Estimation of ten-year risk of fatal cardiovascular disease in Europe: the SCORE project
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Estimation of ten-year risk of fatal cardiovascular disease in Europe: the SCORE project


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Published 01 January 2003
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European Heart Journal (2003)24, 9871003
Estimation of ten-year disease in Europe: the
risk of fatal cardiovascular SCORE project
R.M. Conroya¨laa¨oyr¨K,P.b, A.P. Fitzgeralda, S. Sansc, A. Menottid, G. De Backere, D. De Bacqueretemir`eiP,cuD.ef, P. Jousilahtig, U. Keilh, I. Njølstadi, R.G. Oganovj, T. Thomsenk, H. Tunstall-Pedoel, A. Tverdalm, H. Wedeln, P. Whincupo, L. Wilhelmsenn, I.M. Grahama*, on behalf of the SCORE project group1
aDepartment of Epidemiology & Public Health Medicine, Royal College of Surgeons in Ireland, Dublin, Ireland bUniversity of Kuopio, Kuopio, Finland cCatalan Department of Health and Social Security, Barcelona, SpainInstitute of Health Studies, The dAssociation for Cardiac Research, Rome, Italy eDepartment of Public Health, Ghent University, Ghent, Belgium fand Medical Research (INSERM), Unit 258, Villejuif, FranceNational Institute for Health gDepartment of Epidemiology and Health Promotion, National Public Health Institute, Helsinki, Finland hnItuoetstiynamet,ruMn¨tsreG,reniversityofMu¨nsicoSeMlaicidU,enpifEmideogolndya iInstitute of Community Medicine, University of Tromsø, Tromsø, Norway jNational Research Centre for Preventive Medicine, Russian Ministry of Health, Moscow, Russia kCentre for Preventive Medicine, Medical Department M, Glostrup University Hospital, Glostrup, Denmark lCardiovascular Epidemiology Unit, Ninewells Hospital and Medical School, Dundee,Scotland, UK mNorwegian Institute of Public Health, Oslo, Norway nontiecSenevProfvinUisreet¨ogrobloio,GgyvetirdCaednborg,Swety,Go¨te oDepartment of Public Health Sciences, St. George's Hospital Medical School, London, UK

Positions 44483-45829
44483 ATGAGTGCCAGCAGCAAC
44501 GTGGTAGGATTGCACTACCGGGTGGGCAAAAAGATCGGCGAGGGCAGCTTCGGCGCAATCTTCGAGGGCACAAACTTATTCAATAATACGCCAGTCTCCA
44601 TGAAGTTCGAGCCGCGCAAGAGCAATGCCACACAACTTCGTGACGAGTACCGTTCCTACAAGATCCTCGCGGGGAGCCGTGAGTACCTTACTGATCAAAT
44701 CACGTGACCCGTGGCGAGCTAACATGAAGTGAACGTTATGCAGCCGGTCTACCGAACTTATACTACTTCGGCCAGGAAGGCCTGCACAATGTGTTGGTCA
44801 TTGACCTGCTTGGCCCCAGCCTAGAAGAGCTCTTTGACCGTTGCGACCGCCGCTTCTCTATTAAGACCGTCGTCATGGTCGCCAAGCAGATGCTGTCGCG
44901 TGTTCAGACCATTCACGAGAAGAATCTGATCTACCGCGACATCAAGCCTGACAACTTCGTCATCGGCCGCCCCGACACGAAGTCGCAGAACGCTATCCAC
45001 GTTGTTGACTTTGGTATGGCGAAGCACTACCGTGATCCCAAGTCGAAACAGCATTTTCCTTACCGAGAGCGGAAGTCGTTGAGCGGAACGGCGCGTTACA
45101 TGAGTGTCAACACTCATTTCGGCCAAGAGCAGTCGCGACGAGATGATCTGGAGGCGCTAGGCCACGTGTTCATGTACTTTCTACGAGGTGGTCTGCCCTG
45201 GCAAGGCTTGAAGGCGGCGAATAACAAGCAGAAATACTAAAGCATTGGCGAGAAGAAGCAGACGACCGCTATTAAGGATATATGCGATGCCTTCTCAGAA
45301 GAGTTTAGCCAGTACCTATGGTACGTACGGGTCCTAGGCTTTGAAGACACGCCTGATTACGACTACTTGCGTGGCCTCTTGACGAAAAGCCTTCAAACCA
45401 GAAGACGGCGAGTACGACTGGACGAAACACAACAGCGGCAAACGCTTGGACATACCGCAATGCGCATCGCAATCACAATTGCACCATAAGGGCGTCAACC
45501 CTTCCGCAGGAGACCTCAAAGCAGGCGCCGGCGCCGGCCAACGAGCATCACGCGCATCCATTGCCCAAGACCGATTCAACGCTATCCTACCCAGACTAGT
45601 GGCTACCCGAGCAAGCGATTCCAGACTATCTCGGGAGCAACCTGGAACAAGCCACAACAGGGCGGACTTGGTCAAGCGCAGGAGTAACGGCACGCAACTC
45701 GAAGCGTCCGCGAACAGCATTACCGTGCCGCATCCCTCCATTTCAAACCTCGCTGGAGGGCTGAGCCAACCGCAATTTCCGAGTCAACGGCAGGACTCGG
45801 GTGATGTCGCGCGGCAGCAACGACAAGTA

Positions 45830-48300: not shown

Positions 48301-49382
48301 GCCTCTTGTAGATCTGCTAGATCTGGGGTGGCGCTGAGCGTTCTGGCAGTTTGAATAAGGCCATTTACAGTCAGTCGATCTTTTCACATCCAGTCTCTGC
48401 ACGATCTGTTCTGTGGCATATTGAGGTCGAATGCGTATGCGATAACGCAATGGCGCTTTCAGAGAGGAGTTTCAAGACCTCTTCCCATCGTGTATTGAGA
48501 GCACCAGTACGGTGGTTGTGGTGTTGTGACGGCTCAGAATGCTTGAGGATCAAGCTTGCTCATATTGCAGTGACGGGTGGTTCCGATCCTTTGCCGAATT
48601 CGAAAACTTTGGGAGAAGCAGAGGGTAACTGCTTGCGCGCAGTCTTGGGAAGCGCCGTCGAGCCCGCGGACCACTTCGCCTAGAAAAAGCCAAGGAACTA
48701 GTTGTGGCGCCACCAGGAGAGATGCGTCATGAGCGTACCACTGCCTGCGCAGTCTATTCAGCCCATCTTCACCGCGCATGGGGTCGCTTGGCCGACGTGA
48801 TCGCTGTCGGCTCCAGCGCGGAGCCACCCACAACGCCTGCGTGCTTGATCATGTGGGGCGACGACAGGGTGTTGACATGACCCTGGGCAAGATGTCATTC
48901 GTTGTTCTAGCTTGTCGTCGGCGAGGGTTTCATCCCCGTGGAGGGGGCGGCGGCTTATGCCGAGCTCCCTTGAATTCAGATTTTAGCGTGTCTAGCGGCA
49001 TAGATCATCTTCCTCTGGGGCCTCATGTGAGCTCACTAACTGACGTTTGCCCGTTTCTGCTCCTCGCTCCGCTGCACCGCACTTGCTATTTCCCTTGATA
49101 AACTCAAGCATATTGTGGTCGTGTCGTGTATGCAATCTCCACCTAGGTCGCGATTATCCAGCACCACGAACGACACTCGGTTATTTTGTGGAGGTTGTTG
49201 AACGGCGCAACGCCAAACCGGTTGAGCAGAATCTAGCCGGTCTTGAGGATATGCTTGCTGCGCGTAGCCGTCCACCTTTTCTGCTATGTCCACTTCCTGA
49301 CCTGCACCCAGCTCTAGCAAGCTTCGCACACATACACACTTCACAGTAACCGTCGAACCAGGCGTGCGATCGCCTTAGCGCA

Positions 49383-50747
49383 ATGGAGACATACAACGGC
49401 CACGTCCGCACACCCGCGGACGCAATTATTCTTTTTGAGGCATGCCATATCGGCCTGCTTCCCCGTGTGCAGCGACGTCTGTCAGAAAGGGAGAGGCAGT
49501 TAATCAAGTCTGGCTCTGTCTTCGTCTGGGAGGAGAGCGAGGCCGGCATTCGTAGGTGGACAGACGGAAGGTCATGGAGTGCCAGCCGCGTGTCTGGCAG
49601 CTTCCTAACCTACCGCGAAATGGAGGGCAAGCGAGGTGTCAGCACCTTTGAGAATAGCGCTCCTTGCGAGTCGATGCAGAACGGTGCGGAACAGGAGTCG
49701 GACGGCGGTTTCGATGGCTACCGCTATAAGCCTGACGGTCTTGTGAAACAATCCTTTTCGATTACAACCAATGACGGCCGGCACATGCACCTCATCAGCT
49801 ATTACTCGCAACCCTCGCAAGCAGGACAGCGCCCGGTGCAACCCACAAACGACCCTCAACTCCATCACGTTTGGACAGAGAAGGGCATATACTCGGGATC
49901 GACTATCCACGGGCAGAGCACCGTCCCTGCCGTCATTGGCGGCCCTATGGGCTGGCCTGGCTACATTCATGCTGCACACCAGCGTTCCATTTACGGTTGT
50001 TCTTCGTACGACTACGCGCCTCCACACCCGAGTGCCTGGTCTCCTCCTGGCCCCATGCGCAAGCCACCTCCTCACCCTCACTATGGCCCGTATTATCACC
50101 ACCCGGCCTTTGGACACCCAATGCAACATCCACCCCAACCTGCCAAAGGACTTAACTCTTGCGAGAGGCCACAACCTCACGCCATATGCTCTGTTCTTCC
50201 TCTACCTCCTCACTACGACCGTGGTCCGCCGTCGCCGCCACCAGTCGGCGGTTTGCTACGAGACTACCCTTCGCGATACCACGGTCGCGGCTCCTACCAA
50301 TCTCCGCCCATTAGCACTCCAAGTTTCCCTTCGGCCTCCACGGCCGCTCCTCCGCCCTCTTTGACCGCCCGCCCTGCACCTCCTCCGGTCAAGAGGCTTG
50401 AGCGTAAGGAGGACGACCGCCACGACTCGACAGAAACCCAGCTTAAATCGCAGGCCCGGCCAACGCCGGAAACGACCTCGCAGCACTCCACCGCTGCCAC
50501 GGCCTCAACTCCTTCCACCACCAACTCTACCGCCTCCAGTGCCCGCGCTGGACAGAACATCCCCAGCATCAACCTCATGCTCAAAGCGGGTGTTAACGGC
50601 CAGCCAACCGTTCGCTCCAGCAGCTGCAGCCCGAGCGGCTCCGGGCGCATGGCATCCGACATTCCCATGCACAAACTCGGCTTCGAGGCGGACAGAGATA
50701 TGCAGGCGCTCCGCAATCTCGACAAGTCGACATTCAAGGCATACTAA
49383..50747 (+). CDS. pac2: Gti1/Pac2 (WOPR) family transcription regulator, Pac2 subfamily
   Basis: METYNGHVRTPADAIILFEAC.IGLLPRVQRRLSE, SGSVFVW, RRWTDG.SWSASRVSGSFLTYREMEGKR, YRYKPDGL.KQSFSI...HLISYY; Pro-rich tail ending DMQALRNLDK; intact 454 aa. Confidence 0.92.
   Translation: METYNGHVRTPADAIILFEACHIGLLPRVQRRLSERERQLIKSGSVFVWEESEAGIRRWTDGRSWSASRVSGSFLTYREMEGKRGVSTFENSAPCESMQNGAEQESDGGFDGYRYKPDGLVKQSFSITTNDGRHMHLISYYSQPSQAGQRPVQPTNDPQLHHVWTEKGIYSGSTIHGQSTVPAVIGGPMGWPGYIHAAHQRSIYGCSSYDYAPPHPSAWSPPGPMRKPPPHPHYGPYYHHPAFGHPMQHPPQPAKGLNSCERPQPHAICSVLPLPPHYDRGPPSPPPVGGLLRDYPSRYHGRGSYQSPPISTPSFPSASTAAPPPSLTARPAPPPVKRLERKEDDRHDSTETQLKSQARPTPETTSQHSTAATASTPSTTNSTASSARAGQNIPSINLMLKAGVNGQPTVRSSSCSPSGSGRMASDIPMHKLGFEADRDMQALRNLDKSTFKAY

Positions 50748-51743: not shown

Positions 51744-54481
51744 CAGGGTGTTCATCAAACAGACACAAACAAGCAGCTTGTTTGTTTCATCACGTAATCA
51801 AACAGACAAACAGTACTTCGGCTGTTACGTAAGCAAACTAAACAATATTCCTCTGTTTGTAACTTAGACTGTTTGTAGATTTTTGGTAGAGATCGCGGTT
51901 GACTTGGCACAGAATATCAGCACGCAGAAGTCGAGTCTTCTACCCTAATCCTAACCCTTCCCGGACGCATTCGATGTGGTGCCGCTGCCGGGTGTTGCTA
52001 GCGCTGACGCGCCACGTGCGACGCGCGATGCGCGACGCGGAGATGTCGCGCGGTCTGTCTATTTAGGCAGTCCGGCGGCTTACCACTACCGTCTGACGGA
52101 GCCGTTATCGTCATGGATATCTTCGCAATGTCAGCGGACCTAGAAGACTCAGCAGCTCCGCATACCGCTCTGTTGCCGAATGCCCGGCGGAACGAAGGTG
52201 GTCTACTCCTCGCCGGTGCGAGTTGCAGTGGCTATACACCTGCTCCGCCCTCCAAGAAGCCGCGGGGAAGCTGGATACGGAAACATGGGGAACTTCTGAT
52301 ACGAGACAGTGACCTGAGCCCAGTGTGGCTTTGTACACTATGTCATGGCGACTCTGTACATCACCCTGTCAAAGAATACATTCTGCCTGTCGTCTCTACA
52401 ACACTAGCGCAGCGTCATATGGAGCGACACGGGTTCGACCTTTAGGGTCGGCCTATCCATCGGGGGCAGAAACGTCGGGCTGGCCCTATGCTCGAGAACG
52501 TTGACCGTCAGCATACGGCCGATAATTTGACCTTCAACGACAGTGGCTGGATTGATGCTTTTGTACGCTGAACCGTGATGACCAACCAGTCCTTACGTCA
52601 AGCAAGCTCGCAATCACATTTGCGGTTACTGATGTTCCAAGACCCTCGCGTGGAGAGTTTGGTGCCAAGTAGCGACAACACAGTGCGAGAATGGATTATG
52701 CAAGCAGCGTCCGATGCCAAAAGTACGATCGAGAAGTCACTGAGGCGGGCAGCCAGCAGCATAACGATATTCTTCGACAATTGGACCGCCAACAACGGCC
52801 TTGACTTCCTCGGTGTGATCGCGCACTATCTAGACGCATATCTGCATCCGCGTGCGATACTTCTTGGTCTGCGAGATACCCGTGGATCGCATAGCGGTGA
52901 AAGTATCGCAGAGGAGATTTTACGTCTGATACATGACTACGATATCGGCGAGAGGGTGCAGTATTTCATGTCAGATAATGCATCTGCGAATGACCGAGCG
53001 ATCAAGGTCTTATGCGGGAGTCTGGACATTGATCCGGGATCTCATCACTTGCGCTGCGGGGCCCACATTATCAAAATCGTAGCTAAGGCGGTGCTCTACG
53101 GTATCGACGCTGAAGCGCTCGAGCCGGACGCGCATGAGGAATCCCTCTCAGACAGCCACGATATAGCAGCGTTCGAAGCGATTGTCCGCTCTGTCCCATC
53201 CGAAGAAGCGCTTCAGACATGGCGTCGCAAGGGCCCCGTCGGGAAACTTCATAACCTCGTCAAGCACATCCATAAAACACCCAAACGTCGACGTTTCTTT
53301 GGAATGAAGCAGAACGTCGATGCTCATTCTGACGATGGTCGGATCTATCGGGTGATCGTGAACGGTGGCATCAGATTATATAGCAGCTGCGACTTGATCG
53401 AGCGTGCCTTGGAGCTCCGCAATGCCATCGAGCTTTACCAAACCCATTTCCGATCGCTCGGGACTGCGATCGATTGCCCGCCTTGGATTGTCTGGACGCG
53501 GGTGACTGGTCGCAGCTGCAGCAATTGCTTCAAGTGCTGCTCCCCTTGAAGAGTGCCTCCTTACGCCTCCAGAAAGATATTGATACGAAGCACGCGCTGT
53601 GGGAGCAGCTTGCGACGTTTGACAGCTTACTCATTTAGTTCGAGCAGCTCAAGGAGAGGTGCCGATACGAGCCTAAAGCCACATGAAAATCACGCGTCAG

Received 22 November 2002; revised 7 February 2003; accepted 10 February 2003
KEYWORDS Cardiovascular disease; Risk factors; Risk estimation; Europe
AimsThe SCORE project was initiated to develop a risk scoring system for use in the clinical management of cardiovascular risk in European clinical practice. Methods and resultspool of datasets from 12 EuropeanThe project assembled a cohort studies, mainly carried out in general population settings. There were 205 178 persons (88 080 women and 117 098 men) representing 2.7 million person years of follow-up. There were 7934 cardiovascular deaths, of which 5652 were deaths from coronary heart disease. Ten-year risk of fatal cardiovascular disease was calculated using a Weibull model in which age was used as a measure of exposure time to risk rather than as a risk factor. Separate estimation equations were calculated for coronary heart disease and for non-coronary cardiovascular disease. These were calculated for high-risk and low-risk regions of Europe. Two parallel estimation models were developed, one based on total cholesterol and the other on total
* Corresponding author: Ian M. Graham (project leader), SCORE, Department of Epidemiology & Public Health Medicine, Royal College of Surgeons in Ireland, Dublin 2, Ireland. Tel.: +353-1-402-2434; fax: +353-1-402-2329 1Project structure, organisation, investigators and participating studies and centres are listed in Appendix B E-mail (I.M. Graham).
0195-668X/03/$ - see front matter © 2003 The European Society of Cardiology. Published by Elsevier Science Ltd. All rights reserved. doi:10.1016/S0195-668X(03)00114-3
R.M. Conroy et al.